A Whale of a day!
28 May 2007 | Isles of Shoals, N.H.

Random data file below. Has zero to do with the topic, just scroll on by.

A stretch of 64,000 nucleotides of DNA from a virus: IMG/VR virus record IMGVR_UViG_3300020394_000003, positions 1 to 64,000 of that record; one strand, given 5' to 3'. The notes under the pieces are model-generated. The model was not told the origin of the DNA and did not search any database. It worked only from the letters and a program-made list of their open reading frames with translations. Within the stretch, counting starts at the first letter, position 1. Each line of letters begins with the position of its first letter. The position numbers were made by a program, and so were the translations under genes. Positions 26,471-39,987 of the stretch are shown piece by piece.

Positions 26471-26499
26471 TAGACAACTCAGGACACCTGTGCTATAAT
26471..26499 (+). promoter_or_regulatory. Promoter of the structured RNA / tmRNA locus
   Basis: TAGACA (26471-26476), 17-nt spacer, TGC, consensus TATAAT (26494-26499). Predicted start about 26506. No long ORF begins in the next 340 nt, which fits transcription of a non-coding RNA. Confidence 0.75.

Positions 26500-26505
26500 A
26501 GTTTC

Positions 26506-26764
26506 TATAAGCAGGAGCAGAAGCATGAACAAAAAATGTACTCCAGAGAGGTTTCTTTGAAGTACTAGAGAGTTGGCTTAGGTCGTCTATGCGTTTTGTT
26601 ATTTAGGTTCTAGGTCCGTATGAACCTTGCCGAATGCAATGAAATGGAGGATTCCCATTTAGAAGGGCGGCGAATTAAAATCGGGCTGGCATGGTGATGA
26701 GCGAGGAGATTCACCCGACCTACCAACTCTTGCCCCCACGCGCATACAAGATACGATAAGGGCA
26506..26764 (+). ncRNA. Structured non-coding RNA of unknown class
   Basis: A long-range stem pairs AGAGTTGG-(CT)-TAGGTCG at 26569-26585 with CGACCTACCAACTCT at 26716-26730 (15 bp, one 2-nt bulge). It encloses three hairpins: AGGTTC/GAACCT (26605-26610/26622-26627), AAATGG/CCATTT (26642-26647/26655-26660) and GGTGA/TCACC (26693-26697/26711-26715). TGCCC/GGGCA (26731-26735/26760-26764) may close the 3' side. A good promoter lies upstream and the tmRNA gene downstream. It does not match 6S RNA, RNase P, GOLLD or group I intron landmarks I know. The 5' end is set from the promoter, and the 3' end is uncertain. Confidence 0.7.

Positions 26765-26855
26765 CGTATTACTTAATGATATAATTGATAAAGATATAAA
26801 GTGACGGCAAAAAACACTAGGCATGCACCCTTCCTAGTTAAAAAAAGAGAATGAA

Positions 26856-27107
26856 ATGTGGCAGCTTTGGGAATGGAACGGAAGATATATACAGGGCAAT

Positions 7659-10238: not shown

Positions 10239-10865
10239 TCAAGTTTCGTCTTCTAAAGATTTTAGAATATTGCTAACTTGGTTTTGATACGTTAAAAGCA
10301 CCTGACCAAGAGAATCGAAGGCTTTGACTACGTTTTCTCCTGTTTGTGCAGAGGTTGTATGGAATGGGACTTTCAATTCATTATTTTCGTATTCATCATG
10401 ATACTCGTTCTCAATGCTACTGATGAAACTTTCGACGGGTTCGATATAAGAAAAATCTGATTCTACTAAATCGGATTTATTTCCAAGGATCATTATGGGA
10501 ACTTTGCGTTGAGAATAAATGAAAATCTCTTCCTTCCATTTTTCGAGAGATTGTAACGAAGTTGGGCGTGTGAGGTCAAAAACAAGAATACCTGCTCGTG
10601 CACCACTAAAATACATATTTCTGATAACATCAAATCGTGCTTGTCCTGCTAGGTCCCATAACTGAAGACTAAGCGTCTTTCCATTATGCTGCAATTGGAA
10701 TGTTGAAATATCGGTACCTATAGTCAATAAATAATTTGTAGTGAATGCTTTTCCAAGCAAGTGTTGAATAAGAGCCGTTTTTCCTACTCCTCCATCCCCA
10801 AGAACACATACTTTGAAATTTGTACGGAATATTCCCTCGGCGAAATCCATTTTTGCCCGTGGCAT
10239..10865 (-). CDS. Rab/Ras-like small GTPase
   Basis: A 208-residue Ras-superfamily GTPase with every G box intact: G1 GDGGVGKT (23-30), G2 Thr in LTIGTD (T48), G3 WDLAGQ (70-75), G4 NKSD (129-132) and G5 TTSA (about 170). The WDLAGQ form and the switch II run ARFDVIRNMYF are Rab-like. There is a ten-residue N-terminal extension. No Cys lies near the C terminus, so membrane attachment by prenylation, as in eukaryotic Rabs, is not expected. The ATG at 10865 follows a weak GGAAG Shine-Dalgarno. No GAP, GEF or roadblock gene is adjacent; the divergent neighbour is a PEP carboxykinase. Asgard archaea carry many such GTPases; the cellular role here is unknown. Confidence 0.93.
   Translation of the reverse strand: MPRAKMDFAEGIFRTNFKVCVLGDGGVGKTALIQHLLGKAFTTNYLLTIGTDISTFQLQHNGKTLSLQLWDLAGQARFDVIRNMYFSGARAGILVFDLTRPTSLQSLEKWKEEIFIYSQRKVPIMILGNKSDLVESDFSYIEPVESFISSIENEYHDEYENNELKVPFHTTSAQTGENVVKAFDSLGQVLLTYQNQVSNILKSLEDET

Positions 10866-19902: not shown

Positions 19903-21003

Actually, I'm not certain if we are in New Hampshire or Maine tonight. The state line runs through the group of Islands. Yesterday (Sunday) we got to the canal a bit early, and as a result spent the first part of the trip fighting the current. It changes quite suddenly, so one minute we were going 4 knots into it, the next we were doing 9 knots as it changed and swept us out into Cape Cod Bay. The wind was forecast to start out easterly, then clock into the south east. As our course was north-east, we were hoping for it to clock early, but by the time we left the canal it was still in the east, so we hoisted the main and motor-sailed. But shortly after, it clocked, as forecast, and we pulled out the jib, shut down the engine, and had a beautiful beam reach (wind coming across our beam at right angles to our course) and swept across the bay and into Provincetown. We picked up a mooring from Provincetown Marine, and just as we settled in, a tender came alongside to collect the $40 mooring fee, so we hopped in and went ashore. I was running out of cash and Jeannie wanted to mail some postcards, so we had a quick walk down Main Street, then up to a small deli we knew for some fresh fruit. Then we headed back to the boat. On the tender, we met a couple we had chatted with in Block Island. They are from England, and sailed over last year and are now cruising this side of the Atlantic. They are headed for Halifax, and wanted to chat with us about Nova Scotia, but they were off to dinner ashore and we were headed back to the boat, so never got to chat. Then this morning, we left early and, although we tried to call them on the VHF, they must have been asleep, so we never did connect. We dropped the mooring pennant a few minutes after 7:00 am and motor-sailed out the harbor, expecting our 10-15 knot winds to spring up (I had woken in the night to the sounds of wind and thought we would have a great day), but they never showed up. All day they went from zero to ten and back as we motor-sailed across the Stellwagen Bank, a feeding ground for whales. And at one time, we had to slow down for fear we would hit them, as they rose and dived all around us, some as close as 20' off our beam! And as the whales were considerably larger than our boat, we were a bit concerned about a collision, or more to the point, what the whale would think about a collision! We were so mesmerized that we never thought of the camera! But that was the excitement for the day. All day long we motor-sailed, crossing the shipping lanes to Boston without sighting a single ship, passing Cape Anne and Rockport, a beautiful and tiny harbor where we stayed on 2003, then across Jefferys Ledge, then across Scantum Basin and into the Gulf of Maine, where the Isles of Shoals lie. And, as seems to be the pattern, about 3:30, the wind rose quickly to 25 knots, so we scrambled to put two reefs in both main & jib, and we accelerated to a nice 7.5 knots on a close reach. We got in about 7:00 pm, a 12 hour day, as all day we seemed to be fighting a counter-current and only averaged 5.5 knots, not our usual 6.5. Big day on the SSB today! I finally made contact with Eric Orms on Tabitha. He is off Horta in the Azors, and the signal was weak, but readable. Our problem was that someone else kept interrupting us on the frequency and we couldn't find a free one. But we had contact, so that's a big improvement. Most of today's conversation sounded like a typical cell phone conversation... "can you hear me now?" but it was good to hear his voice, and we will be trying again tomorrow. We also heard Herb talking to Pilgrim, another Canadian boat that we have met a few times. Yesterday they made only 30 miles, and Herb is trying to give them a new course, but they can't hear them. Tomorrow, off to Maine. We hope to make Five Islands, where we have friends with an empty mooring we will use. Hopefully tomorrow's forecast (N-W 10-15) will hold, as motor-sailing is not a lot of fun!